Antisemitic slurs fuel violence during game between Miami-Dade religious private schools

Antisemitic slurs fuel violence during game between Miami-Dade religious private schools

Schools investigate soccer game fight resulting in injuries

There was violence on a soccer field Wednesday night during a 2023 Boys Soccer State Championship Tournament game between two religious private schools in Miami-Dade County.

The regional final game was between students from Scheck Hillel Community School, a Jewish school in Ojus, and Archbishop Coleman Carroll High School, a Roman Catholic school in The Hammocks.

A witness video shows a group of the Catholic school students in light blue shorts surrounding a boy who was wearing the opponents’ darker uniform. Tila Levi, a Scheck Hillel parent, told Local 10 her children who attended the game told her there were insults — including painful antisemitic slurs.

“What my kids told me they said, ‘Hitler was right,’” Levi said.

The chaos ensued after Scheck Hillel lost the home game 2-1. Archbishop Coleman Carroll students knew they were moving forward to the Feb. 18 semifinals for a chance to win the state championship.

“Words matter,” Levi said. “It’s offensive and can lead to violence.”

Witnesses said there were adults who displayed their middle fingers. Levi said several students were injured, including one who suffered a concussion.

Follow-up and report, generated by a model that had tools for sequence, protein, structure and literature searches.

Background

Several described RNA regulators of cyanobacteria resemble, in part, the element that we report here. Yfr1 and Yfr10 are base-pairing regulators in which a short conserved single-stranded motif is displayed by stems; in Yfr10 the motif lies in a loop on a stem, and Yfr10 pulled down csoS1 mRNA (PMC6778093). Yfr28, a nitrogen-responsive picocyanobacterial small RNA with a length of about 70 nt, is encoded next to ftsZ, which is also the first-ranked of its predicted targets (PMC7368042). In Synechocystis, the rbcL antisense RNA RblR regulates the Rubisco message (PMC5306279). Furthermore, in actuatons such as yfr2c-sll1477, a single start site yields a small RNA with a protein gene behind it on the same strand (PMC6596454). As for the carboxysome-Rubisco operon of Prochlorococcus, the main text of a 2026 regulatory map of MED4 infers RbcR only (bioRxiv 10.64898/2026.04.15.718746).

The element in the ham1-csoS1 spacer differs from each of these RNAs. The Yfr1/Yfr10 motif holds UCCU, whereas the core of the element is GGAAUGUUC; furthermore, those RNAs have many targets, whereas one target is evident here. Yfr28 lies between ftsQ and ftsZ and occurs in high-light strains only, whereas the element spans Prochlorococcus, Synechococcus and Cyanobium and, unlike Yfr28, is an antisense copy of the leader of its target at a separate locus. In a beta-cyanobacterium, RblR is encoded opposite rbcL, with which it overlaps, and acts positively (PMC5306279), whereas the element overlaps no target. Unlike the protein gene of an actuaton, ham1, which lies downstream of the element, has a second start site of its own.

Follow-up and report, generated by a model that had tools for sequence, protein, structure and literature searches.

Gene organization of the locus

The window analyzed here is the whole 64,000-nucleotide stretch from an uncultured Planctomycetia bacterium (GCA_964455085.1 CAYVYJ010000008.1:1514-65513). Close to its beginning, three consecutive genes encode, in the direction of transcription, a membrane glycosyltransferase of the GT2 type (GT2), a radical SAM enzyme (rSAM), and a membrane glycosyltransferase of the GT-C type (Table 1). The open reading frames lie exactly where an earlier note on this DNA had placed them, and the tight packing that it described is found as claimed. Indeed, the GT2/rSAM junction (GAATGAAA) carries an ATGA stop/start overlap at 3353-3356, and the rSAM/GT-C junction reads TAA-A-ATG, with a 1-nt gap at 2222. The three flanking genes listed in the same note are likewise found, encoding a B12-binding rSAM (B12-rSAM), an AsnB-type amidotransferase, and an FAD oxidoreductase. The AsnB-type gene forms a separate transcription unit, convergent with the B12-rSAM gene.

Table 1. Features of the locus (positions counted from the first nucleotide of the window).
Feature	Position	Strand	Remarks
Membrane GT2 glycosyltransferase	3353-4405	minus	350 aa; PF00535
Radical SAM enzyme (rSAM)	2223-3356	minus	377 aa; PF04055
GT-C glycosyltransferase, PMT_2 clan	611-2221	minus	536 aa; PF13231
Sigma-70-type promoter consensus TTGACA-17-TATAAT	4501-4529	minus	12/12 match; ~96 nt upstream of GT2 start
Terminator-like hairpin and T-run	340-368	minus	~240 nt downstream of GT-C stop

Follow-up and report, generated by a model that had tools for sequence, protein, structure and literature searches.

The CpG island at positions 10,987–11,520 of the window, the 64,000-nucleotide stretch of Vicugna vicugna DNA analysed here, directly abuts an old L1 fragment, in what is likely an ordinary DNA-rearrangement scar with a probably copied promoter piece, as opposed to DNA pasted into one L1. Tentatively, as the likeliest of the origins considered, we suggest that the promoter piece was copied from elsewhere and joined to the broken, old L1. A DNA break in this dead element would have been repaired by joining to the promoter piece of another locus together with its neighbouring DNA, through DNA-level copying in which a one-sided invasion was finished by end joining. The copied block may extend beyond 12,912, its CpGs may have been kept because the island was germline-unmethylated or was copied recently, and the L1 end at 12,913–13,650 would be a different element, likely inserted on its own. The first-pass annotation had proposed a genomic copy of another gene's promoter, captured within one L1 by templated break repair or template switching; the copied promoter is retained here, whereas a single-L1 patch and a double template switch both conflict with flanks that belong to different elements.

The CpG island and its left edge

“I believe he was kicked in the face with cleats and it was next to his eye,” Levi said.

Administrators for both schools released a joint statement on Thursday afternoon acknowledging an ongoing investigation due to their “zero tolerance for any kind of aggressive language and behavior, antisemitism or hate of any kind.”

The schools also reported alerting the Florida High School Athletic Association and announced a plan to take “appropriate action” and “to build understanding between both schools” in accordance with their “mutual commitment to safety, respect, and forgiveness.”

Rev. Al Jackson, Jr., of the New Shiloh Missionary Baptist Church in Pinewood, is not involved with the schools, but after he saw the video Thursday, he said the incident was alarming and disturbing.

“If we just sweep this under the rug, and say, ‘Oh! These are just kids being kids,’ we risk the dangers of forgetting that kids very soon become adults,” Jackson said.

He said he was concerned about the effects of “divisive” politics in Florida, and referenced Gov. Ron DeSantis’s decision to restrict education on Black history, and he added that the video served as a reminder that “all of us are to treat each other, not just with tolerance, but also with respect, with mutual love and care for one another.”